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Nondescripts 3rds are stripped of title

as reported in the Oxford Mail

Oxford & Bletchington Nondescripts 3rd have been stripped of the Oxford Times Cherwell League Division 7 title and promotion after being deducted points for playing an ineligible player.

 

Nondies finished top of the provisional final table published at the end of the season.

But the league ruled that they played an ineligible player in the penultimate round of matches when Nondies beat Banbury 3rd by 81 runs in what was effectively a title decider.

As a result, the match

RIGHT - Lets give the facts for you to decide.

The Case:

A player had played 8 1st eleven matches and 8 second eleven
matches in the season and on the penultimate match played for the 3rd
eleven -

Rule 21 states and is written:

Any first XI player who has not played 2nd / 3rd eleven cricket twice in
the first 16 weeks of the season, will not be eligible to play for a 2nd /
3rd XI in either of the last two matches.

The league decision, which the club have no right of appeal, was to
communicate that the players was ineligible due to that he had not played
two third eleven games in the previous sixteen weeks.

So why do we feel that the league has failed to deliver the correct
decision. The actual reading of the rule and applying a general common
sense view the most logical conclusion would be that he is eligible. He had
played eight second team games in the proceeding sixteen weeks while on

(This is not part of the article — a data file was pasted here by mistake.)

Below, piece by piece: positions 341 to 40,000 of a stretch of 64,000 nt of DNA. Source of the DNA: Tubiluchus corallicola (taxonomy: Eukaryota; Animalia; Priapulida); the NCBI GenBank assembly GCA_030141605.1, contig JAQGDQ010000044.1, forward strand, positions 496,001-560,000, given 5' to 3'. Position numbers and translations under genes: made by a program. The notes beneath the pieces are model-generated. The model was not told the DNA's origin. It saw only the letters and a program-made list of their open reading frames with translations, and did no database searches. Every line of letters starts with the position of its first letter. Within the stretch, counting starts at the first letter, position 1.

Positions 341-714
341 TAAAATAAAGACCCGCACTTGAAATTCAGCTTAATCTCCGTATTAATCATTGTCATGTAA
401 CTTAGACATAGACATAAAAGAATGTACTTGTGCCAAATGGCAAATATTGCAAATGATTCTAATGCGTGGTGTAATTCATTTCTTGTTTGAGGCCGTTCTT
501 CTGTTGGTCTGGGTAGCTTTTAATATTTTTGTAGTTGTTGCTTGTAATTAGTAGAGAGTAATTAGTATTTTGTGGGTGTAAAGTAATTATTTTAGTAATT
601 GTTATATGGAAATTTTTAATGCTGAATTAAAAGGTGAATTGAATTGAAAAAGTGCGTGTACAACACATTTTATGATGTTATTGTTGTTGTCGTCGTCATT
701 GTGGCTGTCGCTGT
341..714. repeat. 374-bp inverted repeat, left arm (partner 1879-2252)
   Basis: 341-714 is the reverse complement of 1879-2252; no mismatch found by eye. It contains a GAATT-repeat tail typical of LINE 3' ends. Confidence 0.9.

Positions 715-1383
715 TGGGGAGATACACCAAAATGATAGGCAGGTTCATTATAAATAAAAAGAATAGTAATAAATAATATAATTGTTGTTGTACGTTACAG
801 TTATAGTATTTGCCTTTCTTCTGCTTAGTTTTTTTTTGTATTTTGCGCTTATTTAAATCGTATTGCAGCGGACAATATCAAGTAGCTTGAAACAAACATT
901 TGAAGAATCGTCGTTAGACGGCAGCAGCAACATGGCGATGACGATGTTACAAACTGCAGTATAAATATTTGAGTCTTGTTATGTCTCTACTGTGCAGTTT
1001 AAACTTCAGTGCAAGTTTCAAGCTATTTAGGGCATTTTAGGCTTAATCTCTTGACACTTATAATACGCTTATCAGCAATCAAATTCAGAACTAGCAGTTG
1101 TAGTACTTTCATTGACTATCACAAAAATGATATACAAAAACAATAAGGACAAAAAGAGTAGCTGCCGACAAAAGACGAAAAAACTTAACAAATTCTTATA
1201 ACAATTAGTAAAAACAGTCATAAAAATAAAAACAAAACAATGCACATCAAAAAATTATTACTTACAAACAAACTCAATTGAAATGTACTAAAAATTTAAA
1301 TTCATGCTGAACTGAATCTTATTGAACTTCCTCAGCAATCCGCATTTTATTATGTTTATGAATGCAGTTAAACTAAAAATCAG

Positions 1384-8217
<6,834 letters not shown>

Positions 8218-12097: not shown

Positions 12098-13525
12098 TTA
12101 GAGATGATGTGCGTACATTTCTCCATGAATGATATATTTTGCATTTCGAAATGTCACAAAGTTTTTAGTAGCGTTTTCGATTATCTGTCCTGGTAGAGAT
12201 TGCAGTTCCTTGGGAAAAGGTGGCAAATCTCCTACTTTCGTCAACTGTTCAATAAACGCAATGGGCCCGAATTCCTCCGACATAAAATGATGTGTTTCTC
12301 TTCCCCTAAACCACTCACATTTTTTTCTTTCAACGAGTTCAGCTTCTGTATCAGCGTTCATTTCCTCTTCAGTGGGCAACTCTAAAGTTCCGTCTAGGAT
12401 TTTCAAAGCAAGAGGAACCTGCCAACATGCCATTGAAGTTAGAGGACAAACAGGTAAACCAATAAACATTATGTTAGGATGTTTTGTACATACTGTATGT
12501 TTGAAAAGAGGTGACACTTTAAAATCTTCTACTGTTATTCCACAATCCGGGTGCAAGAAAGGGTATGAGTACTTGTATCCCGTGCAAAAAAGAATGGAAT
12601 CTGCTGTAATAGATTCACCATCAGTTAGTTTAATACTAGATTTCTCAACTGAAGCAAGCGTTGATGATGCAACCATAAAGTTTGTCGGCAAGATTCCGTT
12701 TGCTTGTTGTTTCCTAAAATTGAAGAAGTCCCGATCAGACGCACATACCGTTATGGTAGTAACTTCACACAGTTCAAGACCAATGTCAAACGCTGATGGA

reflection there is also the grey area as to whether the player can
actually be classified as a first eleven player.

The league, although having not officially communicated their position,
claim that we should have known how they wished the rule to be applied. We
counter that by saying if the proper construction of the rule is "x", but
the league intended "y", then a side shouldn't be penalized for complying
with "x". Otherwise you end with the situation where no one really knows
what the rules are, because they do not know what the league "intended" and
it could (taking an extreme example) make the whole process of having a
written set of rules, distributed to the clubs, pointless.

The ruling should be treated as in any legal case of law, be
applied as read and the club should therefore not be penalized. The league
has a right however to rewrite the rule to a reading that ensures no
misunderstanding exist and therefore eradicate grey areas. Using the term
loosely, "loopholes" in the legal world are not punishable and often
provide the basis for laws to be rewritten or created.

It therefore appears that a "fair and reasonable" decision has not been
made and in effect we can only assume that pride and or prejudices have
arisen in making this decision.

It is upsetting to all the players who consider we have played our cricket
to the rules of the league and have honorably won the championship on and
off the field of play. Unfortunately as the club have no recourse to any
body we are afraid the phrase "look in the record / score book" will now have
a real meaning to me.


PS  - also a second player who had played only 3 first eleven games and at least 8 second team games was also deemed to be ineligible. One first team game and considered a first eleven player for the whole season. A sad interpretation. Lets hope the same people remain on the committee for the next 100 years because we will want to know what they meant when they wrote the rules when we next come before them - cannot be sure the written rule is right !!!